This past Thursday, the Wii’s Virtual Console service was graced with a port of the arcade version of Sega’s Super Hang-On – one of the most well-known motorcycle racing games of the the late-80’s through the 90’s. It was instantly recognizable in arcades due to its large motorcycle-shaped sit-down cabinet (and equally large stand-up cab), fast-paced gameplay, and for offering a selection of memorable tunes.
Now, twenty-five years after its original release, it’s time again to Outride a Crisis.
I’ve been waiting for this game since arcade support was announced for the VC service back in 2009, and I am so glad to now be able to say: this release is 100% arcade-perfect. The game engine runs flawlessly with an assortment of options – all the appropriate dip-switches (for toggling difficulty, time length, etc.); screen size adjustment; the ability to add scan-lines for an even more authentic feel; and perhaps most important of all: motion support.
I was remarkably happy about the addition of Wiimote steering. A large part of the appeal of the original game was the fact that your bike was steered with handle-bars instead of a play old joystick, and while the experience of sitting on a plastic crotch-rocket is missing, the Wiimote’s steering capabilities created a sufficient swarm of nostalgia. It may take a bit to get used to the sensitivity (small corrections are a must), but after a few minutes of practice the game played exactly how I remember it playing almost two decades ago. Players who would rather have a more traditional experience are in luck too, with support for the Wiimote’s d-pad, the Nunchuck, and the Classic Controller.For those of you who have played the Genesis or other home ports of Super Hang-On, you will notice a noticeable improvement in the music. The arcade hardware was obviously capable of more complex sounds – so while the same memorable tunes are there, fans of the home ports will surely find the arcade’s versions to be equal if not better.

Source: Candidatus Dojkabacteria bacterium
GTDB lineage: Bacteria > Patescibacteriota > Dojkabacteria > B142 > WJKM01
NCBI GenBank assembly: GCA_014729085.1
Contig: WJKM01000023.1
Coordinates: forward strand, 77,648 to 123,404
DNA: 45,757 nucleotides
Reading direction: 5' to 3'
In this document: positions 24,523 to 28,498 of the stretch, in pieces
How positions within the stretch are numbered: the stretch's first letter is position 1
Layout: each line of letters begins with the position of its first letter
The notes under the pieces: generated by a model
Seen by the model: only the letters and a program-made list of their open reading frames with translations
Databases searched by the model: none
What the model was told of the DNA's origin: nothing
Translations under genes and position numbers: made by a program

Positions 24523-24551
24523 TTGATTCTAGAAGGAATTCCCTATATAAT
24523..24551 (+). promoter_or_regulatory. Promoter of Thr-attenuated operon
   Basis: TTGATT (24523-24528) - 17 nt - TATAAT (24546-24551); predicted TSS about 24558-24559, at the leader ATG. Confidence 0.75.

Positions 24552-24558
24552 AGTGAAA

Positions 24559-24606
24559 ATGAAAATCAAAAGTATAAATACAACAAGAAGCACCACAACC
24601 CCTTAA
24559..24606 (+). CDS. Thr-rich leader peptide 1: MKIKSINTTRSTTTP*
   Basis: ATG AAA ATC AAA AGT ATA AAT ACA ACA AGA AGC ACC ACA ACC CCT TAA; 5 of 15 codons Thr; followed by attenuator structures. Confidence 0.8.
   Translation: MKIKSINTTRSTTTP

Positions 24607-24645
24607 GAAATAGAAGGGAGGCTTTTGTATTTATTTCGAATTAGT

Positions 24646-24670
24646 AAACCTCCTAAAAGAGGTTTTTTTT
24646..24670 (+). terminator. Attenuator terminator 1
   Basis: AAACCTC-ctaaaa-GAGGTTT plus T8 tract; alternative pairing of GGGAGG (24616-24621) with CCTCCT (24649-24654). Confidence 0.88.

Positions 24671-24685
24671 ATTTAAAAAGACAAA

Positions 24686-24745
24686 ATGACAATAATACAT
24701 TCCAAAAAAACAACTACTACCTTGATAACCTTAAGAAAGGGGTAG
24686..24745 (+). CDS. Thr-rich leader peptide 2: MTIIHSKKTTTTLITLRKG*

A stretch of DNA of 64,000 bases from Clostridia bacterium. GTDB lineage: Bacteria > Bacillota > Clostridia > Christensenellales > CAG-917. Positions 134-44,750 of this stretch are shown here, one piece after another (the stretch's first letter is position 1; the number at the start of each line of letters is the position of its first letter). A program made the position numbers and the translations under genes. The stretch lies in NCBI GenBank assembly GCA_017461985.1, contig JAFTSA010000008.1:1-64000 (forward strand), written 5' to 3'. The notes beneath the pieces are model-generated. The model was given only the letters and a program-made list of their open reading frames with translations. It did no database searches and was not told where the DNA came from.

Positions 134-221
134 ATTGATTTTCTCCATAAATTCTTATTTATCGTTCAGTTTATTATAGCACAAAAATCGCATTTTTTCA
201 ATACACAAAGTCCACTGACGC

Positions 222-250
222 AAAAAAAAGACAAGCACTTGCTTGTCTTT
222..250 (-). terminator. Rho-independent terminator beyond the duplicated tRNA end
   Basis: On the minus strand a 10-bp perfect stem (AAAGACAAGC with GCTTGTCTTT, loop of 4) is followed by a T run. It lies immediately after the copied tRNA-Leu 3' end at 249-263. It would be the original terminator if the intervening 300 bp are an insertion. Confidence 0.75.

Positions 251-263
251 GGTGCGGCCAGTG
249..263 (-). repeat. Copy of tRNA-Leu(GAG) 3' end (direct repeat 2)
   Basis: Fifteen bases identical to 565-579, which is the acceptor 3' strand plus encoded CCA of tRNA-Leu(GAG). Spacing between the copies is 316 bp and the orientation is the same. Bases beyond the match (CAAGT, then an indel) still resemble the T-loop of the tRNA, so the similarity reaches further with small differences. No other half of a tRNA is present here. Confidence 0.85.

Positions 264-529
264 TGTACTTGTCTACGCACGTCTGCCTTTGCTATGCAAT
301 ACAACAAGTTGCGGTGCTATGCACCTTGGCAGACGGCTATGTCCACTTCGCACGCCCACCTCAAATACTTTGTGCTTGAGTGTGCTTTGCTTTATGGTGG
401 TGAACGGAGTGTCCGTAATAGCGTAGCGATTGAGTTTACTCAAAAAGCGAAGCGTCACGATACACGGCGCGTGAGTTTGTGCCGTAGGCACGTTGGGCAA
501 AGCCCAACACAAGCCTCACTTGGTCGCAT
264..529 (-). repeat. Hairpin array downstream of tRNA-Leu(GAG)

It’s important to note, though, that the arcade version only has a simple racing mode (across four difficulties, which correspond to four different tracks). The home port, which most people are more acquainted with, featured an in-depth career mode allowing for bike customization, among other things. If this mode was your main appeal for Super Hang-On, keep in mind that the arcade version lacks it – and appropriately so, since arcade games were generally created for quick sessions than lengthy careers.
If you want to feel a rush of nostalgia like me, and have a dang fine game at your disposal to boot, show Sega your support and download Super Hang-On on the Wii’s Virtual Console service. Its price of 900 points may seem a bit high, but I personally feel the ability to play the game with the originally-intended motion steering more than makes up for the cost – especially since most emulators can’t mimic that experience like the Wii can.